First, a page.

Thursday, June 30, 2011

Bike trip destinations: Eagles Nest

Distance from downtown Mankato: 12 miles if you use the Sakatah Trail, 7 miles if you just ride on Madison Ave instead.

Route I took: My friend Nick and I tried to use trails whenever possible for our route to the restaurant. We hopped on the Sakatah Trail near Highway 14, and after riding west on the trail for about 6 miles, we took a right onto County Road 27 and followed that into Eagle Lake. We were also going to use the Minnesota River Trail, but it was closed at the time due to flooding. If you're using this route, the Eagles Nest will be on your right off the town's main road (just past S 2nd Street).

By the time we were ready to head home, it began to rain outside and we reasoned that a shorter route was probably a good idea. We basically just rode Madison Ave back into Mankato, took a left onto the bike trail running alongside Victory Drive and took a right onto the Glenwood Ave bike trail. It's definitely a quicker route, but if you're going to the Eagle's Nest to chow down on the Duke Burger, a longer ride might not be a bad idea to help burn off the calories.

General ease/challenge of ride: Regardless of which route you take, the ride isn't overly difficult. The mileage is relatively short and the hills on Glenwood Ave and the Sakatah Trail are both pretty gradual slope-wise. Fair warning: There isn't much wind cover once you get out of the river valley, a fact we learned thanks to a pretty vicious head-wind on our ride out to the restaurant.

Safety of the ride: It all depends on which route you take. If the Minnesota River Trail is open and you want to stick to bike trails, the Sakatah route avoids heavy traffic and only has a few troublesome intersections (you have to cross Highway 14 on County Road 27 to get into Eagle Lake). Obviously, if you're riding on Madison Ave for the majority of the trip, you'll have to be more cautious of cars and be prepared to stop at more intersections. However, Madison does have sidewalks running alongside of it in Mankato, and once you're out of the city, the traffic drops off significantly.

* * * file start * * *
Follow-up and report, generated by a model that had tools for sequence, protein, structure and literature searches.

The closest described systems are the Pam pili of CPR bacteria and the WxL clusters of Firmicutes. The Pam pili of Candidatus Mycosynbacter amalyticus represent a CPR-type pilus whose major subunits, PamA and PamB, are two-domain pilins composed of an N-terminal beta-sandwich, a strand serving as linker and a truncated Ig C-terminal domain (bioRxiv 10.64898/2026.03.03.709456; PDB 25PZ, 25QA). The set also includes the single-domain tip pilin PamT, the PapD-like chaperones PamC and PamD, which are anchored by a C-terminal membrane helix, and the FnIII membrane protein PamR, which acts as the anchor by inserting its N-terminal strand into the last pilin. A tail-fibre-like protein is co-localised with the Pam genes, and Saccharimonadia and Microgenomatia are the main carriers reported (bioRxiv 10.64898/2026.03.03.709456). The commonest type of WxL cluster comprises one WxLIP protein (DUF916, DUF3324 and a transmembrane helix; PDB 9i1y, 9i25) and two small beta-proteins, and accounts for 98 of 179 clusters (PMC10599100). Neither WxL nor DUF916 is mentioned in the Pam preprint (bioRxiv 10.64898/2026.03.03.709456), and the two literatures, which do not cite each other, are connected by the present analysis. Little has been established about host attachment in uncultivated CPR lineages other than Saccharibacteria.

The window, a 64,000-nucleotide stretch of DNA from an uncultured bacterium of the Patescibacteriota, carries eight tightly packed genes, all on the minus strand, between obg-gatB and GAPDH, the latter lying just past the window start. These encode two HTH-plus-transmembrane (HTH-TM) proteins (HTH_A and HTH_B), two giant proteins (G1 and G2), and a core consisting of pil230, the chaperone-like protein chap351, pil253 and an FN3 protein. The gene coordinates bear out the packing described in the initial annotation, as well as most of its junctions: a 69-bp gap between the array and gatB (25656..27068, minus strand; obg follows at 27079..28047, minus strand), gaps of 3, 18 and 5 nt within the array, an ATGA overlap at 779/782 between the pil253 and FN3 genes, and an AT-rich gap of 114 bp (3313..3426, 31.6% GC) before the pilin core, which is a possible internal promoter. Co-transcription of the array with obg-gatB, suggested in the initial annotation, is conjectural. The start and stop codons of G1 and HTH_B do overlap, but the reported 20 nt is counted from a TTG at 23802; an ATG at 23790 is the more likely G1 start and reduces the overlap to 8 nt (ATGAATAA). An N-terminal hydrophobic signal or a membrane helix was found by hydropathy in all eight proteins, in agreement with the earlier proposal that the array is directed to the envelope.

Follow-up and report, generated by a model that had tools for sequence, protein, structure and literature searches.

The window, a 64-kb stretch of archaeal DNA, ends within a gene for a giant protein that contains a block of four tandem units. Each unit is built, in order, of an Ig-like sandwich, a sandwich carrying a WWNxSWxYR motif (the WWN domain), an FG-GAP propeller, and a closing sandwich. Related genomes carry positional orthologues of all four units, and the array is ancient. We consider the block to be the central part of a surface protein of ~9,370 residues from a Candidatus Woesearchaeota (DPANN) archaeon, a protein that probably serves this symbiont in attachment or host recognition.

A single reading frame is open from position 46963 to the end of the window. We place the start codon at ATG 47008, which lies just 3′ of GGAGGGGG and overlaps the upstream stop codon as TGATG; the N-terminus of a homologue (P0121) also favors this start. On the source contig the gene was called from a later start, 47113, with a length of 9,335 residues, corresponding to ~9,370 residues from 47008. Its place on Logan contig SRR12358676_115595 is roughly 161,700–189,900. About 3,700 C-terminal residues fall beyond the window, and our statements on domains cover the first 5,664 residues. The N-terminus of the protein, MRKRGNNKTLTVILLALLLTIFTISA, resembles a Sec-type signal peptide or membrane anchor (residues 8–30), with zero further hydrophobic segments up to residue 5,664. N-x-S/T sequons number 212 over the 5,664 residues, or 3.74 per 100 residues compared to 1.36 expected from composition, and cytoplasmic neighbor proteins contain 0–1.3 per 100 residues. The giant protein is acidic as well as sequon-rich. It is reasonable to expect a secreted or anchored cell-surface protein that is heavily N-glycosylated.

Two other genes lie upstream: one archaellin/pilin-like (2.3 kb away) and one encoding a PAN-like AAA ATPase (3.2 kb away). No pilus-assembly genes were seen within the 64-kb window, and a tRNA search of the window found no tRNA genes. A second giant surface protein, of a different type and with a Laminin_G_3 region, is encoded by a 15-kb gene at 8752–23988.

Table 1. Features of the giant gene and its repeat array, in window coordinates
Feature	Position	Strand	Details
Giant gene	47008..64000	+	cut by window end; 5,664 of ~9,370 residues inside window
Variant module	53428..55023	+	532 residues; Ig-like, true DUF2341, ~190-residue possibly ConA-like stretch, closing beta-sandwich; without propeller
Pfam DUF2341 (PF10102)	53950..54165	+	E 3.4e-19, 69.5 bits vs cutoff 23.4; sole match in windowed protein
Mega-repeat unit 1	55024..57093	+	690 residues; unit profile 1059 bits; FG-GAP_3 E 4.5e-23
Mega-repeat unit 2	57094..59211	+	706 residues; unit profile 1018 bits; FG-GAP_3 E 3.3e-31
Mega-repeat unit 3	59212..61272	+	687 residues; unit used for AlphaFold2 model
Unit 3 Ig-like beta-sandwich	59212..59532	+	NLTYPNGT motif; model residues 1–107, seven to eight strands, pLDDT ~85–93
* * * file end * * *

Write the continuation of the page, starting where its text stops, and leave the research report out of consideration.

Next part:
Appeal of the destination: One of my favorite guilty pleasure shows in college and young adulthood is the gluttonous "Man vs. Food."

For those that have never seen the show, it's pretty much exactly what the title indicates. The show's host (a former chef who happens to have a massive appetite) travels to various restaurants across the U.S. that have some sort of eating "challenge" to attempt. The challenges could be anything from a small mountain of pancakes to a steak the size of a couch cushion (something John Candy did with hilarity in "The Great Outdoors"), and whoever successfully completes the challenge typically gets awarded with some sort of trinket to commemorate the occasion, like a t-shirt, a free meal or their name engraved on a plaque.

It's hard to explain why I like the show so much. Maybe it's because it helps me reminisce on the glory days of childhood, when I could eat whatever I wanted and get away with it thanks to a jackrabbit-like metabolism. Or perhaps I'm just envious of a guy who gets to eat for a living.

However, it's more than likely because I'm part of a culture that embraces extreme eating like it was some sort of sporting accomplishment. It's the reason why so many people tune in to the national hot dog eating contest and marvel at competitors who seem to have bottomless stomachs. Most of us can't eat (or wouldn't want to eat) what they are capable of consuming, which in turn leads to us admiring them.

It's also the reason why my friend and I decided to make the trek over to the Eagles Nest.

Don't get me wrong, there's a lot to like about the Eagle Lake staple. It has a good sports bar atmosphere, plentiful beer selection and a lot of decent eating options.

But we didn't go there for the atmosphere; we went there for the Duke Burger.

The signature Eagle's Nest menu item contains two pounds of beef, eight slices of bacon and five slices of cheese, all on a one-pound bun. It also comes with an unlimited supply of lettuce, tomatoes, mayo, onions and pickles.

The Duke Burger was created more than 20 years ago, when then-owner Lester Dittrich wanted to spice things up at the restaurant. The burger took off almost immediately and has since become an attraction that draws patrons from all over the country.

My friend and I had both seen pictures of the Duke prior to biking to the Eagles Nest, so we both kind of knew what to expect. However, that didn't stop us from gasping when the $20+ burger was brought to our table. It's roughly a foot in diameter and has to be rolled out on a pizza pan using a rolling pin. It also has to be flipped with a spatula the size of a cookie sheet.

The restaurant's menu says the Duke serves 4-6 people, but according to the waitress, many of the people who order it attempt to attack it solo. Reasoning that a burger apiece would likely send us both into a food coma, my friend and I decided to split one in half. Our preferred drink for washing the mass amounts of burger down was Summit with a side of ice water.

Despite our appetite being built up from the biking, we were not able to finish the Duke. There was a hockey puck-sized portion of it left when we both reached the point of maximum capacity.

(note: I would later learn that an 11-year-old girl managed to eat the Duke on her own, thus wounding my pride a smidgen)

I won't say it was the best burger I've ever eaten. It's a classic quantity-over-quality scenario and I'll take a burger and fries at Guenther's Cafe over the Duke Burger any day of the week.

However, it does make for a pretty cool photo opportunity.

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